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Using OCT to detect the first signs of neurological decline

A small US study has used ocular coherence tomography angiography to uncover evidence of Alzheimer’s disease in patients without symptoms of the condition

28 Aug 2018 by Selina Powell

US researchers from Washington University School of Medicine have detected evidence of Alzheimer’s disease using ocular coherence tomography angiography (OCTA).

As part of the study, which was published in JAMA Ophthalmology, scientists used OCTA technology to examine the retinas of 30 participants with an average of 74 years. None of the participants had clinical symptoms of Alzheimer’s.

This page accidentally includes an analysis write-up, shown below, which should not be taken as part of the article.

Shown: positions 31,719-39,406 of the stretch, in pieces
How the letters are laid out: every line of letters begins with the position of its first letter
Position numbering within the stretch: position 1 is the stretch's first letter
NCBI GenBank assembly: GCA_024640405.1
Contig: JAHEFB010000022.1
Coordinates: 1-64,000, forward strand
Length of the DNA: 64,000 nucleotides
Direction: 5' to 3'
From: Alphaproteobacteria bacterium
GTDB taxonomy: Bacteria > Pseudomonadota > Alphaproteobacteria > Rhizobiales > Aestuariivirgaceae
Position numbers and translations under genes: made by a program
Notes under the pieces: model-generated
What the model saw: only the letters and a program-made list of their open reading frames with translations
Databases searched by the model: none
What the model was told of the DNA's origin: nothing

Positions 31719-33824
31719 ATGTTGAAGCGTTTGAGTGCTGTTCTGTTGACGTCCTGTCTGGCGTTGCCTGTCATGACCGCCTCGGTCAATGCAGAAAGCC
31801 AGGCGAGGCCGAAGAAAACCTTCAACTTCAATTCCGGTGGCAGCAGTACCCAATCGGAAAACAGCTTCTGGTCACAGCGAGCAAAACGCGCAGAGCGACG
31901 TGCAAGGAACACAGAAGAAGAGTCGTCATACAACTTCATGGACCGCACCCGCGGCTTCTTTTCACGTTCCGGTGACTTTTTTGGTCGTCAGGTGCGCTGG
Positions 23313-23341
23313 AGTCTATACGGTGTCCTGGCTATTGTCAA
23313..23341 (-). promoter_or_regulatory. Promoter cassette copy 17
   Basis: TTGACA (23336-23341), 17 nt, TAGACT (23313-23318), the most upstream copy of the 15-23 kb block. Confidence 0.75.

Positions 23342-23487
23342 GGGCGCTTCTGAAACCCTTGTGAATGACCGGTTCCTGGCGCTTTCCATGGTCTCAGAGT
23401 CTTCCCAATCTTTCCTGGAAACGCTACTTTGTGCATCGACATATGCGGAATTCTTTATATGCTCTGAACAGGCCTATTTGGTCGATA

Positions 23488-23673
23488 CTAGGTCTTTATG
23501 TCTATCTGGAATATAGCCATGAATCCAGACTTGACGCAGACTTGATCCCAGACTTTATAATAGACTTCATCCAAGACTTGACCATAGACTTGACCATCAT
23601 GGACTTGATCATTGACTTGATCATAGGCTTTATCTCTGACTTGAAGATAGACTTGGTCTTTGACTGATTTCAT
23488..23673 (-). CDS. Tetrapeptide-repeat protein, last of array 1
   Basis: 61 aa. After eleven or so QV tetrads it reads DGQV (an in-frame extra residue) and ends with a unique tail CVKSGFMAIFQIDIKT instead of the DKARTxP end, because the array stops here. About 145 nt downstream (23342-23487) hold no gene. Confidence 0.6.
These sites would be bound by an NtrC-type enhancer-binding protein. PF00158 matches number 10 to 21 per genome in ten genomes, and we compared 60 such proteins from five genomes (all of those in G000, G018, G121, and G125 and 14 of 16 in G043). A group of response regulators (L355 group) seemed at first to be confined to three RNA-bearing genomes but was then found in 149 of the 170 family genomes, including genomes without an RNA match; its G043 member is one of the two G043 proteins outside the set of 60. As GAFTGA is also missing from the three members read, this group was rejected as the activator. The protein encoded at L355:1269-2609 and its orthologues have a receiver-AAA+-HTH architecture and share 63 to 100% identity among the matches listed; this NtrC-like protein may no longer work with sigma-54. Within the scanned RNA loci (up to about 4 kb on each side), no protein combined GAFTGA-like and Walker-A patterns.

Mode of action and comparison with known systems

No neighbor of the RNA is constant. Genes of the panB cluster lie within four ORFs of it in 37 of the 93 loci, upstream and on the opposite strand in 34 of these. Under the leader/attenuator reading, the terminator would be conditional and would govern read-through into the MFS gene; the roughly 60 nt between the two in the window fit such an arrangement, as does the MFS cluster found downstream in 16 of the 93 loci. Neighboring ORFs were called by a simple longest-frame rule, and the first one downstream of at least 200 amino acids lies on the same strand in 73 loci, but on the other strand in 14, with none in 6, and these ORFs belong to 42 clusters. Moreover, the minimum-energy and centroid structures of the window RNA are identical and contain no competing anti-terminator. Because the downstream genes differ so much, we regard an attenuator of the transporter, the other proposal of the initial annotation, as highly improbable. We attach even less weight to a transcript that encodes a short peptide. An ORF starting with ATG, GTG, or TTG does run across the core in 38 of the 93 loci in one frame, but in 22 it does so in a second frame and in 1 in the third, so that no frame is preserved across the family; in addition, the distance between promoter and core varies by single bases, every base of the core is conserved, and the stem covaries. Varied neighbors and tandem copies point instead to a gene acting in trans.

While they did not have cognitive symptoms, half of the participants in the study had elevated levels of proteins connected with the development of Alzheimer’s – amyloid or tau.

A significant thinning of the retina was observed in patients with elevated levels of the proteins.

The scientists also noticed that the area at the centre of the retina without blood vessels was significantly larger, suggesting less blood flow.

The authors highlighted that larger, longitudinal studies are needed to determine whether the findings have value for the detection of preclinical Alzheimer’s disease.

Image credit: Matt Miller

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